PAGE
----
Is LIC dead?

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Western Queens may be enjoying a real-estate renaissance, but the artists who helped make it hip to cross the East River are finding it harder and harder to live in the areas they made desirable.

Long Island City, which most borough artists regard as the center of the Queens arts community, is seeing an exodus as more and more artists seek affordable living in neighborhoods farther east — or out of the borough altogether.

Long Island City gained its art scene reputation in the 1990s as artists fleeing rising rents in Manhattan neighborhoods like SoHo and the East Village discovered cheap housing and ample studio space in the western Queens neighborhood's many vacated industrial buildings.

Art institutions soon took notice. In 1999, the Museum of Modern Art established a presence there by acquiring P.S.1, a former school converted into a facility dedicated to contemporary art. Now, the nonprofit Queens Council on the Arts is planning to move to Long Island City from Woodhaven in order to be closer to what the group regards as the center of the borough's arts scene.

The neighborhood is also still home to many galleries, such as Dean Project on 45th Street and Art-O-Mat on Vernon Boulevard, as well as numerous studios and work spaces. Sites like Juvenal Reis Studios on 22nd Street, the Wills Art Deco Building on 21st Street and Crane St. Studios on Crane Street rent converted manufacturing and warehouse space to artists.

Flux Factory, a well-known artists' collective in Sunnyside, is located on the border of Long Island City. But the collective has lost its 15-year lease at the Metropolitan Transportation Authority-owned building as the transit authority plans to demolish the building to make way for a commuter rail tunnel.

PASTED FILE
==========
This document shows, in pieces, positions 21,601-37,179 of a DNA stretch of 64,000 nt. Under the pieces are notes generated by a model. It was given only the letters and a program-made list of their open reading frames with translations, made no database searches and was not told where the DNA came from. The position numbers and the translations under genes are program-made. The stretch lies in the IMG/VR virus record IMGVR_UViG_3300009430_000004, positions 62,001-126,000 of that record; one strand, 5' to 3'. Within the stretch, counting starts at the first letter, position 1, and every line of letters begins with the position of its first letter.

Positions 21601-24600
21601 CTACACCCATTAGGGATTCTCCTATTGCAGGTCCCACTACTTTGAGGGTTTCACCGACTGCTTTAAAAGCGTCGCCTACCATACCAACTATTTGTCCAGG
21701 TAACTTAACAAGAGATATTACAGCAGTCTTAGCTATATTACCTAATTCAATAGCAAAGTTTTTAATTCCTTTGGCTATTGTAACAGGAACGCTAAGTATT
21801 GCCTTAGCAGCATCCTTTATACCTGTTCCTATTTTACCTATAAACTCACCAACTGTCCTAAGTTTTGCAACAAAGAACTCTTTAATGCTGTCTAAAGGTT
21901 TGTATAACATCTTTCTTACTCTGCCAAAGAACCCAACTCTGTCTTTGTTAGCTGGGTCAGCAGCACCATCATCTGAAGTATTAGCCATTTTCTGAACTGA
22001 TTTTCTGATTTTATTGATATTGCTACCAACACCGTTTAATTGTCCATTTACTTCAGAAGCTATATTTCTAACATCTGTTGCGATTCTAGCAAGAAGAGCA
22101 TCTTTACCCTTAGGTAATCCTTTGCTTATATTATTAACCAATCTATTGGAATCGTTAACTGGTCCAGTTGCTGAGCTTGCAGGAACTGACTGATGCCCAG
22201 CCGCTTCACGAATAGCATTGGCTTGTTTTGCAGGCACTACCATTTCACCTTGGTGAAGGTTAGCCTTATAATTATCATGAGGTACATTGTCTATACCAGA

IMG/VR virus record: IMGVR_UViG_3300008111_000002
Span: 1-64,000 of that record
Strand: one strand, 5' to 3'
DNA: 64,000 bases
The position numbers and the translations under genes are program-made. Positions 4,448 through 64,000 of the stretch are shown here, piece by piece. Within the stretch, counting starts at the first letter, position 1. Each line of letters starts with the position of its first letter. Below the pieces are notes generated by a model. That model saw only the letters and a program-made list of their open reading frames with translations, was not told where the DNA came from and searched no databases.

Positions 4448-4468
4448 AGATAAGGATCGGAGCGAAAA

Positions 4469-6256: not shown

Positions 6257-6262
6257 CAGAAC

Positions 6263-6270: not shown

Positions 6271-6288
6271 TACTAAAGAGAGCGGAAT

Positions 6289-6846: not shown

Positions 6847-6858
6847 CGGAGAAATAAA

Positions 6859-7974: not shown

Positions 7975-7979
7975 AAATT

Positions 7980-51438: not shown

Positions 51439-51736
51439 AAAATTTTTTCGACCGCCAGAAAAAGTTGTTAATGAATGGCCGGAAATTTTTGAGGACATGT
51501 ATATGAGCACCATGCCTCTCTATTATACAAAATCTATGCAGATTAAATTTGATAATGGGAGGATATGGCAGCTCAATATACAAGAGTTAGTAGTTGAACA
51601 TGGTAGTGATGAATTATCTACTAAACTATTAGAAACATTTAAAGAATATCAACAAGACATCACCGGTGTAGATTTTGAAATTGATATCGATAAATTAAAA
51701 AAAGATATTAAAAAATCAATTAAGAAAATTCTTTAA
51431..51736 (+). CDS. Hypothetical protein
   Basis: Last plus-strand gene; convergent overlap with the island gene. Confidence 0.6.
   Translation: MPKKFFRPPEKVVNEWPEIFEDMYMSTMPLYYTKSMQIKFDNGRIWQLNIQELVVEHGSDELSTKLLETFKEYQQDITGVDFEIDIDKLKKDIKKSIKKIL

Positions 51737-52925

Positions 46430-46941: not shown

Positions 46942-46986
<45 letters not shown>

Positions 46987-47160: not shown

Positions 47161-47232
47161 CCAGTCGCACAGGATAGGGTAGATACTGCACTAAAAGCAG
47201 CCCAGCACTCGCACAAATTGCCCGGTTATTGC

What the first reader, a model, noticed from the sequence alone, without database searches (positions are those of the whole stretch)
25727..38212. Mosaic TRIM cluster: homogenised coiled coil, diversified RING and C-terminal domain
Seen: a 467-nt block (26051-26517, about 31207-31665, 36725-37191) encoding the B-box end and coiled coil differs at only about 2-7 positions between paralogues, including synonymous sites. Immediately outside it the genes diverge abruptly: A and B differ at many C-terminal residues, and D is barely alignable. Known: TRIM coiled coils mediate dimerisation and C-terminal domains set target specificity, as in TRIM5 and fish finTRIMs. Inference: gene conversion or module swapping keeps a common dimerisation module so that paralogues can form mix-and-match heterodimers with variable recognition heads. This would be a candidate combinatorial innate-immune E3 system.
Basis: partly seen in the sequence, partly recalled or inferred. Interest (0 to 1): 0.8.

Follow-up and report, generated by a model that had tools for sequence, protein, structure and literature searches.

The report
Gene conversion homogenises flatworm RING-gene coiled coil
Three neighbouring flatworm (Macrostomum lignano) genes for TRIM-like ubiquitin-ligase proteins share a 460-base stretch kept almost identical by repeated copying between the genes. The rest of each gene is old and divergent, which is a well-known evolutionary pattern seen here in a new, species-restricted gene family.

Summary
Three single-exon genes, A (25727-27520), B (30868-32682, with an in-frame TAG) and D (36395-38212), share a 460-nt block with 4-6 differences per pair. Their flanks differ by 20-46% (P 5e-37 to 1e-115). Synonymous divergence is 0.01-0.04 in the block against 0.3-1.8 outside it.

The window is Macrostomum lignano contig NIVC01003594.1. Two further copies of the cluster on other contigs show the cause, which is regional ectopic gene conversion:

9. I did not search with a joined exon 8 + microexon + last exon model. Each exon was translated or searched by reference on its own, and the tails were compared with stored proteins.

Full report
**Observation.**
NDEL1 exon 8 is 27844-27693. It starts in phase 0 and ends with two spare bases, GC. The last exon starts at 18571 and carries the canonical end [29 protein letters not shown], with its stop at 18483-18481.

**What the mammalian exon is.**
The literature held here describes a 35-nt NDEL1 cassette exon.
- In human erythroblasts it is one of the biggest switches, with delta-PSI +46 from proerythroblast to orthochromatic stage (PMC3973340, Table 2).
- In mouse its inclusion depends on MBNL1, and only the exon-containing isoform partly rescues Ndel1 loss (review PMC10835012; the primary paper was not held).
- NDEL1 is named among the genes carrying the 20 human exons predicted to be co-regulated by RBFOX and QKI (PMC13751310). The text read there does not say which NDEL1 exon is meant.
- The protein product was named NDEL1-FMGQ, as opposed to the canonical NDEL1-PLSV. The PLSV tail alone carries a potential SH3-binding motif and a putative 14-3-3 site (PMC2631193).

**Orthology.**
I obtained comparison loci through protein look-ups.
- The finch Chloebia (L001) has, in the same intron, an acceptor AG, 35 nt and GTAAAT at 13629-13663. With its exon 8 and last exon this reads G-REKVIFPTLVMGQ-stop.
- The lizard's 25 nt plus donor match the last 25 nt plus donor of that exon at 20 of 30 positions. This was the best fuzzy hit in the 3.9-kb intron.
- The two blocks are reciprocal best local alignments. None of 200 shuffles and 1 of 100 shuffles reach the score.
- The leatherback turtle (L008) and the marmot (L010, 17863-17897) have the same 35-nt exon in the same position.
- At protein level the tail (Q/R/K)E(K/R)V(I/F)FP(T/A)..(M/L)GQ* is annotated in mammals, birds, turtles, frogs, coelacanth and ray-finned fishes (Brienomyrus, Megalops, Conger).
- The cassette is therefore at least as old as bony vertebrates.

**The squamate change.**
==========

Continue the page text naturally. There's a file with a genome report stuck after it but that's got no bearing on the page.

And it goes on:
Other former industrial areas in Long Island City, like Hunters Point, are being transformed as luxury high-rise condominiums supplant long-abandoned factories.

Kristy Schopper runs The Space, a Long Island City nonprofit that gives artists studio space to work on projects designed for unused open spaces in the neighborhood, such as traffic triangles. She complained that artists are being ousted by developers replacing the old industrial buildings with modern condominiums.

But the issue is just as much demographic as it is architectural, she said.

"I am equally concerned with the fact that those of us left, along with the area residents who make up this town, are being overshadowed and overwhelmed by all the new tenants in town," she said.

So where will the next Long Island City be?

"Most artists are saying they won't tell," Schopper said.

Kenny Greenberg, an artist who has lived and worked in Long Island City for 30 years, suggested it might not be in Queens at all.

"There are people going to the South Bronx and Brooklyn," he said. "Even Bushwick is getting overpriced now."

Greenberg, who works in neon lights and operates his studio and sign shop at Krypton Neon on 47th Avenue, also said three Long Island City artists he knows have moved back to Manhattan.

"The reality is the neighborhood is becoming a bedroom community," he said. "Our services are becoming high-end bars and lounges."